By Julie Escobar
To wrap up our series of short sale interviews, I turned to another Facebook friend who’s confidence, capability and compassion caught my eye. Known as the “Give Back Girl” because of her charity work – Gloria Commiso has much to share…
Q: First of all – Thanks so much for sharing your “secrets” with us! Can you tell us a little about yourself and why you chose short sales as your niche?
A: Yes! I’m a Keller Williams Agent licensed for six years. I was the former wife of a Real Estate Broker but I wasn’t licensed until after we got divorced. It was an easy choice to get into Real Estate because it gave me a flexible schedule that I needed as a single mom. Besides — I love it. I couldn’t imagine doing anything else except charity work. My slogan is the “giveback girl.” I give a portion of every check to one or more charities. Last year, with the support of KW and Borders Bookstores, I helped to build a small library for an organization called “School on Wheels” in downtown Los Angeles. The facility tutors foster and homeless children. I got involved in real estate because I wanted to facilitate change in people’s lives. It also allowed me to combine my passions of helping people and interior decorating.
I didn’t exactly choose short sales; they choose me through my referral partners. I have a graduate back ground in “Negotiating and Integrative Bargaining.” Short sales require so many layers of negotiating and follow up/persistence that this seemed like a good fit. One of my motivations to assist homeowners in distress was to assist my own clients. (I started assisting in modifications for a couple of past clients but luckily none of my past clients have had to sell short.) I began to realize that many agents didn’t want or know how to approach them. One by one, agents would call and ask me to co-list or assist with a short sale. Over the past three years I have closed 100% of all my standard short sales. The only one I couldn’t close was a “strategic” new construction short sale. The banks foreclosed because the construction loan was not in place for one year.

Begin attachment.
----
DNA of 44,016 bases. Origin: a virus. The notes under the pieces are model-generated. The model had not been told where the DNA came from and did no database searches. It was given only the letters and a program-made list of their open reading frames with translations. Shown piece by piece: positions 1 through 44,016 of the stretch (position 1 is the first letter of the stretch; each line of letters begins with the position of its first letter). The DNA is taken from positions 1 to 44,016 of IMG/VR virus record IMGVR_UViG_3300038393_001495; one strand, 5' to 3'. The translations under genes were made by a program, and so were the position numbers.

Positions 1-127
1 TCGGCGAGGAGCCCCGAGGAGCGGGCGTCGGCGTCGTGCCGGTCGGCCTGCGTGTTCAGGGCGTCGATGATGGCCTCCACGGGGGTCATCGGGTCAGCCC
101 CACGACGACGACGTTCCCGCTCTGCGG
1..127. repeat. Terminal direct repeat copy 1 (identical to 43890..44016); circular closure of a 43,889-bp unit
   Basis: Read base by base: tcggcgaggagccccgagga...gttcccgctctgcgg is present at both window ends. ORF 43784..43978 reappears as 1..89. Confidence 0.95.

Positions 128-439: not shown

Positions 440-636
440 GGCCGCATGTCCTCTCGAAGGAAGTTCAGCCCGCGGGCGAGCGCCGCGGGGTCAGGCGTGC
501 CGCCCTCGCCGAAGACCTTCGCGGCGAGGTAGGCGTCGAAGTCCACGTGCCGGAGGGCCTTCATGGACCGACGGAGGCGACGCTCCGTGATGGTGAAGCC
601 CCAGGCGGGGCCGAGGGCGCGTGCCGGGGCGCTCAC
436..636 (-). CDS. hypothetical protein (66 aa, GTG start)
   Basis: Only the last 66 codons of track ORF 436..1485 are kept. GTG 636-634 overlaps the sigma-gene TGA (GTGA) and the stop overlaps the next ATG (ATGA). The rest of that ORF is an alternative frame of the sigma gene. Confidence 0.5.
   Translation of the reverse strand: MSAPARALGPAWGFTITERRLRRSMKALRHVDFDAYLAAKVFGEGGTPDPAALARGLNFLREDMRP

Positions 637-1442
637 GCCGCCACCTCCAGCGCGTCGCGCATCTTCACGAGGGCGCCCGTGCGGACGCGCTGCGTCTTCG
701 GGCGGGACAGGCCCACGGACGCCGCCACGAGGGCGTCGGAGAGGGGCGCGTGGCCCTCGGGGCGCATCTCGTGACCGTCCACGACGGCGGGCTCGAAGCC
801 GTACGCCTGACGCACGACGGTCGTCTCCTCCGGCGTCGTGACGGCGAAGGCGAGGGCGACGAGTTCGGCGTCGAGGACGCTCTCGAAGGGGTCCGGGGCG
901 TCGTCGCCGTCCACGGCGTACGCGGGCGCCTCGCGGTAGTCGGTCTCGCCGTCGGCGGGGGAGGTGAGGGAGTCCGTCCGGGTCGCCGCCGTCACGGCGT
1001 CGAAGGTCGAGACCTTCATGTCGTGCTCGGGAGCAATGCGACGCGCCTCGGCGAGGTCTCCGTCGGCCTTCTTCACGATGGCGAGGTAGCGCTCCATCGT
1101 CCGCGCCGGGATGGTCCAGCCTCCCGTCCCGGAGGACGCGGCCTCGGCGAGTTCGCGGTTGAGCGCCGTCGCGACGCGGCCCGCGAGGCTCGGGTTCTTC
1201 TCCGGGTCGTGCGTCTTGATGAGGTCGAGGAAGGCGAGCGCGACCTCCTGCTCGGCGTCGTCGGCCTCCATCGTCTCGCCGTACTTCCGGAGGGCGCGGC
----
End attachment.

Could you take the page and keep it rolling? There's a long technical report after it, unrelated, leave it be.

Q: What do you believe is important for distressed homeowners to know SOONER rather than later in today’s swiftly changing economy?
A: What’s really important for homeowners to know is that the longer they wait the less options and more stress they have. It’s also important for them to know that agents aren’t accountants, lawyers or financial planners so they must get advice from one or more of the aforementioned professionals before deciding to execute a short sale. They must understand all the options and liabilities.
Q: How are you reaching out to distressed homeowners and letting them know that there are options available to them? How can a new agent getting into short sales find those homeowners who really need help?
A: I’ve been reaching out to homeowners in distress through past clients, blogging and also through my referral partners by passing out contact and program information for government websites. I wouldn’t advise agents to target these people unless they have adequate training: either CDPE classes, HAFA training, SFR courses or some type of extended education. Most of my referrals come from other agents and attorneys. I haven’t advertised my services for short sales –I just take referrals.
Q: What kind of stats have you seen in terms of the rise of short sale in your market and nationwide?
A: We have seen a steady increase in short sales peaking last year. One of my standard sales was in the city of Lawndale which at the time was 98% distressed w REOs, short sales and foreclosures. I don’t see them tapering off anytime soon and it’s about the same as last year…slow and steady in the Beach Cities South of LAX. The majority of mine have been in Hawthorne, Torrance, and areas east of the beach.
Q: What kind of training has been key in helping you stand out in your community as a short sale specialist?